Traumatic brain injury (TBI) is amongst the leading causes of death and disability in the United States and Worldwide. Each year in the United States, there are an estimated 1.7 million TBIs, resulting in 52,000 deaths, 275,000 hospitalizations, and 1,365,000 Emergency Department visits. These TBIs result in substantial negative impact to many individuals with TBI. Currently, there are not treatments that can be delivered in the acute post-injury time period that have been shown to result in improved patient outcomes. There is an undeniable need for effective treatments for patients with TBI who are likely to develop prolonged post-TBI deficits. A major shortcoming in the TBI field is the inability to accurately classify a patient with TBI according to that patients expected outcomes. Current classification systems use broad criteria to assign patients to ?mild?, ?moderate? or ?severe? TBI categories. However, these criteria often allow for patients who are very different from one another, who have had very different injuries, and who have very different post-injury signs and symptoms, to be classified into the same TBI group. Current classification results in patients who are classified the same, e.g. as ?mild? TBI, to have substantially variable outcomes. Our research, a secondary analysis of large datasets contained within FITBIR, aims to develop a more precise classification system for patients who have experienced a TBI that correlates with expected patient outcomes. To make the classification system practical for use by clinicians and researchers, data that are typically available at the time of the initial patient evaluation will be utilized. Factors that might be predictive of patient outcomes and will thus be considered for inclusion in the refined classification system relate to neurologic symptoms immediately following TBI, findings at the initial medical evaluation, presence and characteristics of prior TBIs, history of medical, neurologic, and psychiatric disorders, mechanism of TBI, and patient socio-demographics. The more precise TBI classification system that will result from this research will inform clinicians on how aggressively to prescribe rehabilitative therapies, will allow for more accurate prognostication of patient outcomes, and will help to determine inclusion and exclusion criteria for future clinical trials of TBI therapies.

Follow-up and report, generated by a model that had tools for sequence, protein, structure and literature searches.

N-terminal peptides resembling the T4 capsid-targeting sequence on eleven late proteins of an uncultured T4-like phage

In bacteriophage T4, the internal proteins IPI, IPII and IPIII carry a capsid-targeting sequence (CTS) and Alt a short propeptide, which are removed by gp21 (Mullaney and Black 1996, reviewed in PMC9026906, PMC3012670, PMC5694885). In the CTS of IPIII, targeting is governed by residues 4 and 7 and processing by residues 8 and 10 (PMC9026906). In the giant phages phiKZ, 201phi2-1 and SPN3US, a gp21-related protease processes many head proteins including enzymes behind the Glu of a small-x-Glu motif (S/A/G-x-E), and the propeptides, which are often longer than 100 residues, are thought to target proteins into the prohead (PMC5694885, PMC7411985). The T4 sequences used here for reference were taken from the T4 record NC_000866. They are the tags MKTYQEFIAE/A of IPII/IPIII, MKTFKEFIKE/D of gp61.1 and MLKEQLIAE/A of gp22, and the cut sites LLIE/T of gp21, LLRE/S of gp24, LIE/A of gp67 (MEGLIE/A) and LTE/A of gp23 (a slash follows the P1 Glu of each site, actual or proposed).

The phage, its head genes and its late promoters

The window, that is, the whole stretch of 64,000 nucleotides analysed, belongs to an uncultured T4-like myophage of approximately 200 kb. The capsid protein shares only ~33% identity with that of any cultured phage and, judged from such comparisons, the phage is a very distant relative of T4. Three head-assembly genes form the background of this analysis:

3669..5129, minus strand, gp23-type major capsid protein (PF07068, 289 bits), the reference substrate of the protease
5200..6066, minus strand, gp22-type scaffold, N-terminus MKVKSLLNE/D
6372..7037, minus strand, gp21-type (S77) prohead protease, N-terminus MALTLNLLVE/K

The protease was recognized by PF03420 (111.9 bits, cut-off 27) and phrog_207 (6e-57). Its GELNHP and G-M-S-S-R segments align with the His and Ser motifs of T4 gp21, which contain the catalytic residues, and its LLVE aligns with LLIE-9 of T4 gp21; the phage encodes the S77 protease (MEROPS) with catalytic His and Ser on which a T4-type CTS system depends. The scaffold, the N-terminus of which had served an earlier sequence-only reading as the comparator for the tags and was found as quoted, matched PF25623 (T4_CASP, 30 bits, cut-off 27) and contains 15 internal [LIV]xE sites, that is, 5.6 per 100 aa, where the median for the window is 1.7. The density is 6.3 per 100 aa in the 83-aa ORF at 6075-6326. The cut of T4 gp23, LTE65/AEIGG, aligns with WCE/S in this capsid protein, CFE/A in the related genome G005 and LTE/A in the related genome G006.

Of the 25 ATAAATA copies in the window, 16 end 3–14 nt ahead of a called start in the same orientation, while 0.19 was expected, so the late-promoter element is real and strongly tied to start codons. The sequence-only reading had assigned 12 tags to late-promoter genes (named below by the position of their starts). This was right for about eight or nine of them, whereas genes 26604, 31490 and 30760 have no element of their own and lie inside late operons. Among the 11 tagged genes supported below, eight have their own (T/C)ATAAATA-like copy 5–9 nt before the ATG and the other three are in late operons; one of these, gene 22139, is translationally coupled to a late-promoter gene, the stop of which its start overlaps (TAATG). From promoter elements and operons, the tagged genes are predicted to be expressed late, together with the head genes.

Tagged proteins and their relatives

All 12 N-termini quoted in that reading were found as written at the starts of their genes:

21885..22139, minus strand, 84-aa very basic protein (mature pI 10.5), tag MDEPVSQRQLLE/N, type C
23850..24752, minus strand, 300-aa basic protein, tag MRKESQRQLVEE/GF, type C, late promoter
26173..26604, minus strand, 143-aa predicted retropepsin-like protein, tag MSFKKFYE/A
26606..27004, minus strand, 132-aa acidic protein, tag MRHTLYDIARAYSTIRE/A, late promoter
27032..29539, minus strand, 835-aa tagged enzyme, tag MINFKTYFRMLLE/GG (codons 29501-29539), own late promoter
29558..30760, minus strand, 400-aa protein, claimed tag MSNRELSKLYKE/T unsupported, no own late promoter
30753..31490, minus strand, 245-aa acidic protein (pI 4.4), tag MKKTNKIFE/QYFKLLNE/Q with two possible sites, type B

Public Health Relevance

The current method of classifying the severity of traumatic brain injuries, a leading cause of death and disability, is imprecise; patients who have very different severities of injury and post-injury symptoms are often classified into the same traumatic brain injury group. This research will use multifaceted data contained within FITBIR to discover new severity subtypes of traumatic brain injury based upon predicted patient outcomes. Provision of diagnostic criteria for new traumatic brain injury severity subtypes will assist clinicians with determining how aggressive to be with rehabilitative therapies, will allow clinicians to provide more accurate prognoses to their patients, and will assist researchers with determining which patients should be considered for clinical trials of new traumatic brain injury therapies.

National Institute of Health (NIH)
Eunice Kennedy Shriver National Institute of Child Health & Human Development (NICHD)
Exploratory/Developmental Grants (R21)
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Special Emphasis Panel (ZHD1-DSR-T (50)1)
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Michel, Mary E
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Mayo Clinic, Arizona
United States
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